For years, Tri-City residents have experienced what many have called a child care crisis. Our patchwork system has not yet created affordable, accessible daycare despite much talk and some improvements.
But another crisis is emerging that requires as much attention as providing more good quality child care spaces: the lack of safe, creative and enjoyable outdoor spaces for children attending child care in dense, urban areas.
Outdoor activities are critical to help children learn to develop their executive function, including their ability to plan, prioritize, trouble-shoot and multi-task; they need to learn moderate risk taking to build confidence; and outdoor play helps with socialization and appreciation of nature.
And thanks to the proliferation of internet-connected devices in everyday activities, outdoor play is even more important to counter the health impacts of sedentary activities, including staring too long at a screen.
Thus it’s extremely important that agencies working on a daycare plan for the Tri-Cities look at ways to encourage children to have access to outdoor activities, whether it be a local park, school playground or onsite play space. Similarly, cities need to incorporate outdoor play for children living in new multi-unit condos.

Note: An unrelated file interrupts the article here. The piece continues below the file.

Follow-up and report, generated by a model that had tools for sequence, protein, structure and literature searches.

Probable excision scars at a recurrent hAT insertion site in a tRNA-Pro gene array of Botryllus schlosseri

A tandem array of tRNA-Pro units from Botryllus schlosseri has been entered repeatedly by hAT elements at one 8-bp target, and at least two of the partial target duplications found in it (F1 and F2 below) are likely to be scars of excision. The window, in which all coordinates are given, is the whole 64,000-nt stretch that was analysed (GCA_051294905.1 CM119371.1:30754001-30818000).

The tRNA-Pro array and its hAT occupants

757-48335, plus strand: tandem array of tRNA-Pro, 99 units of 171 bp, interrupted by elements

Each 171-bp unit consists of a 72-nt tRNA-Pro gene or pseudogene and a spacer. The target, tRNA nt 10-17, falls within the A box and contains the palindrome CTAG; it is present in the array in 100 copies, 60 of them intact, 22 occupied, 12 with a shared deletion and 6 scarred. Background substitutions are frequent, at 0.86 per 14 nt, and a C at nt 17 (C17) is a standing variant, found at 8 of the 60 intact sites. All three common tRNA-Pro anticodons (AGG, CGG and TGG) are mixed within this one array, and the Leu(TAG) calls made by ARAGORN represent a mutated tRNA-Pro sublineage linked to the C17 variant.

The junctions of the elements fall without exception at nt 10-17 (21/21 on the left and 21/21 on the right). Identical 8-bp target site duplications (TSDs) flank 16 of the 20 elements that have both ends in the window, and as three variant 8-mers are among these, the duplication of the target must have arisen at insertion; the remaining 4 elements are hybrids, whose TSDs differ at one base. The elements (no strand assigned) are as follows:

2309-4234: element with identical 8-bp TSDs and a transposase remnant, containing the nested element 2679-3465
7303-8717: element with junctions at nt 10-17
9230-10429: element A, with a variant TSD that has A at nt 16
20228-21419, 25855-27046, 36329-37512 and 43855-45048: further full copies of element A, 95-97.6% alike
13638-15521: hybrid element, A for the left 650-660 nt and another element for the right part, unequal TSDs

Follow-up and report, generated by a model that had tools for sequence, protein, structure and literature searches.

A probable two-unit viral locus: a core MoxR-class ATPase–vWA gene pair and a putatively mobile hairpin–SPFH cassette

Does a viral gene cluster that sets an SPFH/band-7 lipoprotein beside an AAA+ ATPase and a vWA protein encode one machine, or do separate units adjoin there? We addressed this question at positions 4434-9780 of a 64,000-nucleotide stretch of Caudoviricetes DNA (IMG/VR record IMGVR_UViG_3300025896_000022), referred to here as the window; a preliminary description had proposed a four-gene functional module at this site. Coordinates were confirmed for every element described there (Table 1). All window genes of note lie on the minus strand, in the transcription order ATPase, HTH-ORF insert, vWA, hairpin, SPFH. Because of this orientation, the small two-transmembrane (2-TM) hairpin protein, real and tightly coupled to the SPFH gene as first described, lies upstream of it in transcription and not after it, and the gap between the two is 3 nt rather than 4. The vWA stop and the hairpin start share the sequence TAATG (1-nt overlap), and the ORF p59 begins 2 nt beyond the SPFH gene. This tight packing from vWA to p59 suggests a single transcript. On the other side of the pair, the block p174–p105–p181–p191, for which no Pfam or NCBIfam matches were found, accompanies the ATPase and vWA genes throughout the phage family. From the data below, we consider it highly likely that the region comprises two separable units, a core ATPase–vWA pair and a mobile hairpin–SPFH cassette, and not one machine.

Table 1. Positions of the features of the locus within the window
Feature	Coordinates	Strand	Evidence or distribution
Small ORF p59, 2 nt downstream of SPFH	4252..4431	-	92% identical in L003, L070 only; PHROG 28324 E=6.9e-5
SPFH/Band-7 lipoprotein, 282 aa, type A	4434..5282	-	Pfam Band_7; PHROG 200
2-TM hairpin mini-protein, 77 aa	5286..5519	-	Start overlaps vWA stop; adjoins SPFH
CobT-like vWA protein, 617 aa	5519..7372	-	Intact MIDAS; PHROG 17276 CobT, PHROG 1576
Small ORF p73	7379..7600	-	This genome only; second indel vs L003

One idea would be to make better use of school grounds, with their vast playing fields and playground equipment.
In Port Moody, a local private daycare operator is challenging School District 43 rules for Moody elementary property, saying their child care kids are second class because at the end of the school day, they have to go to another part of the property until 4 p.m., preventing them from playing with their school friends who aren’t part of their daycare.
One may quibble with the daycare operator’s approach or with the district for adding these rules.
But the issue at heart is a bigger problem that needs to be addressed: the lack of accessible outdoor play space in urban environments.
Dealing with this situation may require a new way of doing things, including processes for handling liability and insurance issues; updated requirements for child care establishments; additional funding to cover costs required to ensure safe school operations, including the use of school washrooms; and a planning guide for re-greening drab outdoor play spaces that are either unattractive, lack elements of the natural world or are unsafe for kids.
If we can all agree that children need a place to play outdoors, then we can certainly put our heads together to figure out a way to make it happen.